Heathlands CourseHeathlands Course at The Legends Golf Resort – USA

The stunning Heathlands Course at the Legends Golf Resort is a throwback to the traditional links courses of the UK and Ireland and Doak’s design is on par with great names like Lahinch, Cruden Bay and St Andrews. The Heathlands Course is relatively open compared to other courses in the Myrtle Beach area and as such its primary defence is the wind although, like the classic UK links courses, intelligent bunkering and penal rough also provide a serious challenge.

The Heathlands Course opened for play in 1990 and was an instant hit with many people lavishing praise on it and some considering it to one of the top 10 resort courses in the world. South Carolina is a golfing haven and Myrtle Beach in particular is replete with world class golf courses like the Heathlands at the Legends Club.

Cape Kidnappers – New Zealand

Cape Kidnappers

Tom Doak must have thought he was dreaming when he was handed the incredible piece of land that Cape Kidnappers resides on. The entire golf course is spectacular but upon reaching the back nine golfers must find it hard to concentrate on the job in hand. Fingers of land that are punctuated by cavernous gorges and deep gullies jut out into the sea and from 400 feet above the waves rolling into Hawkes Bay look like mere ripples on a pond.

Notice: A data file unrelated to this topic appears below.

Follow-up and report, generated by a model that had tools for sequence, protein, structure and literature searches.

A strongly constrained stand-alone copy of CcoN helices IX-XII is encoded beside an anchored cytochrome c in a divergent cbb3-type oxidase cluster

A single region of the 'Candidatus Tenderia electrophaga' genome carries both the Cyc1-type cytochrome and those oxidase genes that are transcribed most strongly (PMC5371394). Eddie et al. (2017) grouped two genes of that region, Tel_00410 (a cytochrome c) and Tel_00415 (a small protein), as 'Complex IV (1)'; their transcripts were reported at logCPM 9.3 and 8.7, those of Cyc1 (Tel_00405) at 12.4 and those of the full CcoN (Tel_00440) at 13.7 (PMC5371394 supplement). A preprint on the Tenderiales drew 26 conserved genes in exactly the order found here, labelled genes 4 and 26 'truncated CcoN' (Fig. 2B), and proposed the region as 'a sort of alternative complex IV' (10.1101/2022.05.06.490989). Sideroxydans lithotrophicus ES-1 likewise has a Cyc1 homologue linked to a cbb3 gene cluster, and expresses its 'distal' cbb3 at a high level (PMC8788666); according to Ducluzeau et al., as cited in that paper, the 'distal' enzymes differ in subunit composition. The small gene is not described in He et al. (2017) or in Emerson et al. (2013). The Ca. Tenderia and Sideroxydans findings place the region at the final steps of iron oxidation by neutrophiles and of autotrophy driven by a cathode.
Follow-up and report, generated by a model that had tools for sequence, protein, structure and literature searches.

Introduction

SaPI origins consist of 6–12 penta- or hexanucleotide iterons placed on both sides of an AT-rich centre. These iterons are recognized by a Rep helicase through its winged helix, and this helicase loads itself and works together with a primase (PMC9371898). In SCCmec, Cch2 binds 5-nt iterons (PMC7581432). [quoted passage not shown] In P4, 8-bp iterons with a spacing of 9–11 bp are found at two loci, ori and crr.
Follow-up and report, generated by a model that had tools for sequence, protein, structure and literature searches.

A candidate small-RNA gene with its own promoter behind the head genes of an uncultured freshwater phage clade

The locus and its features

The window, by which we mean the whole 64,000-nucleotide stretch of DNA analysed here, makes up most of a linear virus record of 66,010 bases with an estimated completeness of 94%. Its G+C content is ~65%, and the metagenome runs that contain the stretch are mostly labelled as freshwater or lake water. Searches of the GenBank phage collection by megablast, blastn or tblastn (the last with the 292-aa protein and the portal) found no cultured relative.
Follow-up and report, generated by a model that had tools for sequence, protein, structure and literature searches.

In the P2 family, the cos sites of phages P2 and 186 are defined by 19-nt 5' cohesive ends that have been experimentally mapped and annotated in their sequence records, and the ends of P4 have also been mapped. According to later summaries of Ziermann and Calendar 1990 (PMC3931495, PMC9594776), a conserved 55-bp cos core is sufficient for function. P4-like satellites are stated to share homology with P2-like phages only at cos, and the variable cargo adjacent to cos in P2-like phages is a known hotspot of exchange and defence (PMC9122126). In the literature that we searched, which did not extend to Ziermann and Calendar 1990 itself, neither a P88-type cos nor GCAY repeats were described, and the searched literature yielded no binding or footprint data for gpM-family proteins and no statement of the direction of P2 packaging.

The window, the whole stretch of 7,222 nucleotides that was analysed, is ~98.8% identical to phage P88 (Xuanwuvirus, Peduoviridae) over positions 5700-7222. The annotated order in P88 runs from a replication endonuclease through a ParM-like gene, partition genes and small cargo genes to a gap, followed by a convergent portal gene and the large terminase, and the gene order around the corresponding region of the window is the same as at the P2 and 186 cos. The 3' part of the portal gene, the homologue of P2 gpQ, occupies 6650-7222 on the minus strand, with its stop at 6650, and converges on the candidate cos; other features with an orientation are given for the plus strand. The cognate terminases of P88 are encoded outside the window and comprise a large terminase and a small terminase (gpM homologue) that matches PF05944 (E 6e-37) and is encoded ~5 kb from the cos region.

Doak’s design ethos is to use the natural lay of the land to create spectacular golf courses and Cape Kidnappers may just be his finest effort to date. The golf course isn’t just spectacular to look at, it plays well also. In 2008 the course hosted the Kiwi Challenge where Hunter Mahan emerged victorious in a playoff against Anthony Kim and judging by the success of this event Cape Kidnappers should be hosting professional tournaments for years to come.

Apache StrongholdApache Stronghold – USA